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Deportation During the 1800's
Transcript of Deportation During the 1800's
By Robert Stone 8.2
The Government needed a punishment which was more serious than a fine but not as extreme as the death penalty
During the 19th century
crime rates suddenly became higher than ever before.
the best option
would be to send
to other countries
so they could work
at for example mines
factories until their
sentences had been
Why Did Deportation Start ?
The majority of people sentenced to Deportation went to Australia
People were also sent to America before the revolution of 1776
Hundreds of the
criminals would arrive on ships called Hulks. These where actually just old warships they used these because it was a lot cheaper than having new boats made.
The convicts would leave the Incredible Hulk and move onward to serve their sentence in Australia
Firstly the Australian settlers weren't exactly over keen on the idea of
Britain using their country as a dumping ground for criminals
Secondly, deportation seemed to have very little or no effect on the crime rates because...
... as i mentioned earlier just like Henry Catlin after serving their sentences many of the convicts decided it would be a good idea to turn over a new leaf and strat a brand new life for this reason this punishment wasn't an effective deterant.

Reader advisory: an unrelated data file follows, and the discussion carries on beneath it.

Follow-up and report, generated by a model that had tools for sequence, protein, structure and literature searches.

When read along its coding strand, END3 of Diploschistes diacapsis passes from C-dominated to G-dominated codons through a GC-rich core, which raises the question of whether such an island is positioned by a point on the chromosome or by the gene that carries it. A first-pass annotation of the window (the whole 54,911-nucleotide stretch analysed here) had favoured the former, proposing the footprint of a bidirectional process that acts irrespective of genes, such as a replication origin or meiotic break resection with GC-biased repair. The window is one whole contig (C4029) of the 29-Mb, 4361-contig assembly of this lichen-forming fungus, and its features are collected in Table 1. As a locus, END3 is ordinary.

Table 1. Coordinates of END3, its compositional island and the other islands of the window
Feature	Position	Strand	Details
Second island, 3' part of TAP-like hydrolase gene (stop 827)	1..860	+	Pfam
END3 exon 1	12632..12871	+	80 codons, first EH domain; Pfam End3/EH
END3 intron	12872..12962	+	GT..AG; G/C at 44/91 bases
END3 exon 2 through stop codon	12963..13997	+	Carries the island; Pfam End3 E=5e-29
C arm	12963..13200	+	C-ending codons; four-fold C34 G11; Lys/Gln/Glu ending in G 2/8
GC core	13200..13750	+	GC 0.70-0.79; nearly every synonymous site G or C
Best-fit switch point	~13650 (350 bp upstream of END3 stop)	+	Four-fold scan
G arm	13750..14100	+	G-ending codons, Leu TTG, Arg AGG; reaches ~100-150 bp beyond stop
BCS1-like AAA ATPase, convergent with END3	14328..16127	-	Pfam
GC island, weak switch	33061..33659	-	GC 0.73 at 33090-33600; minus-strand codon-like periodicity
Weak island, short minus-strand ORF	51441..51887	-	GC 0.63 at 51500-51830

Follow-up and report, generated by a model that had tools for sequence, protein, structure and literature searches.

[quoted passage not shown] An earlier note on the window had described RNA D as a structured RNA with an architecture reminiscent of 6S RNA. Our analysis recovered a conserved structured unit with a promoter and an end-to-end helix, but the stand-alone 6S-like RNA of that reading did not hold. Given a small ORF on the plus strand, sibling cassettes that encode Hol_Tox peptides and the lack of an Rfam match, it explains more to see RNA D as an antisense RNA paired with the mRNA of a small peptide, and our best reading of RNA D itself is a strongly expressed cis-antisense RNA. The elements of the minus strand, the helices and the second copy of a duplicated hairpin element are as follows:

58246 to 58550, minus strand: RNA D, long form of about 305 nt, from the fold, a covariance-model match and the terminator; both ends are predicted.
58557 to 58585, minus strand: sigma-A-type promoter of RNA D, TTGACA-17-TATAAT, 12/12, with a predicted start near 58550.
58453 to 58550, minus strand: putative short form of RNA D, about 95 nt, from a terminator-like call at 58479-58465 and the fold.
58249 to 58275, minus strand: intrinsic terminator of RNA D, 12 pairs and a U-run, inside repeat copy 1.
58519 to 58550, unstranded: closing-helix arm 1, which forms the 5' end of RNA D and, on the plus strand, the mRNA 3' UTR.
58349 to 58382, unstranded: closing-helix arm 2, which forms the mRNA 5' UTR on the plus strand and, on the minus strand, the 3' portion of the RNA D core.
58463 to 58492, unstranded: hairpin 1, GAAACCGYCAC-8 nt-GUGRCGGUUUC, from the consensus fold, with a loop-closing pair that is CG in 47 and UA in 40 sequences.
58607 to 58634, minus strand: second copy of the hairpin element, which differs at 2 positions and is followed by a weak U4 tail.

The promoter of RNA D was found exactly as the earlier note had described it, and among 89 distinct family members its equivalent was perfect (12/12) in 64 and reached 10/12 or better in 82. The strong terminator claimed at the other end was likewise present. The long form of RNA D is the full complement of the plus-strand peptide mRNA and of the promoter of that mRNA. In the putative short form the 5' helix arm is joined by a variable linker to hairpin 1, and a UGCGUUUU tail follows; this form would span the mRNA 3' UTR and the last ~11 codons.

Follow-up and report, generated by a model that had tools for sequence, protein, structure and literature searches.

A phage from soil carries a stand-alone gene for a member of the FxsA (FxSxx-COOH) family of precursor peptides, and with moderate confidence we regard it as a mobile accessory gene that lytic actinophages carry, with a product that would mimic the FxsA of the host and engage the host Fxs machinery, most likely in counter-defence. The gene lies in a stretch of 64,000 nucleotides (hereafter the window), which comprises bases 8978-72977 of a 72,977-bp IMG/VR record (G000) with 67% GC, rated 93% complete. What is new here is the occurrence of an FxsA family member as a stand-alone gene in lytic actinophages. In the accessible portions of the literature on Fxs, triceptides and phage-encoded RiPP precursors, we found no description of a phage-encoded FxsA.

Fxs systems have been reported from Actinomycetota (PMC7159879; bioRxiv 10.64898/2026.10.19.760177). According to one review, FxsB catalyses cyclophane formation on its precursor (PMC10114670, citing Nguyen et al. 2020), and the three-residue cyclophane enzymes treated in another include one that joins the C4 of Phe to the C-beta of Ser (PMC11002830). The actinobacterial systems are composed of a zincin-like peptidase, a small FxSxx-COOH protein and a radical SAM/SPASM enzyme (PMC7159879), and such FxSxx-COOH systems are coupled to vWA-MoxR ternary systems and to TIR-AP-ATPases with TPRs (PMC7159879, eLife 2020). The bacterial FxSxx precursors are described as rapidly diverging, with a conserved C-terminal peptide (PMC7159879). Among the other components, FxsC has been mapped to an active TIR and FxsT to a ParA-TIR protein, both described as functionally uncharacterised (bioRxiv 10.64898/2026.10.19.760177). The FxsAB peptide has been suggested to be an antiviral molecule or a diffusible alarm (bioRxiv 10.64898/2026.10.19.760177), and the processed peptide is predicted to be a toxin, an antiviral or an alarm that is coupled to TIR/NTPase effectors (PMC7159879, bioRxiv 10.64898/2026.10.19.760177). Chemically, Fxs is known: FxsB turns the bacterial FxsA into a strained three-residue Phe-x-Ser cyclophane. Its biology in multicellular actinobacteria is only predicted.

This in turn created another problem. Whereas all lawful Citizens of Britain would have to pay money for their trips to Australia, criminals sentenced to deportation on the other hand could simply get in the country for free.
So by the year 1868 an Act was passed by Parliament to stop deportation however this was still used in exceptional circumstances.
During the hugely dangerous and lengthy journeys which could take 6 months or more, there were death rates of
1 in 3 (don't forget this was an alternative to hanging)
On one of these trips there was a 14 year old named Henry Catlin who after stealing only 3/6d (worth around 17 1/2 pence in today's money) was sentenced to deportation for 14 years.
As well as this most boats had a strict daily routine which included getting up at 6:00am and not resting until 9:00pm.
He was transported to Van Diemens land in Tasmania just south of Australia he arrived with a total of 185 other surviving convicts.
I am glad to say that his story, unlike many others, has a happy ending. He served his sentence for seven years until he was given a ticket of leave it was then that he decided to start a fresh new life in Australia.
It was not so long after this that he met a woman named Harriet who he later married in 1852. they then had 7 children (two of which died before the age of 2) and he then continued to live to the age of 92.
Don't forget Henry was just one of 162,00 people who were sent to Australia all with their own stories.
So all in all deportation seemed to work out for, some people...
Thank You for Watching!
What the hell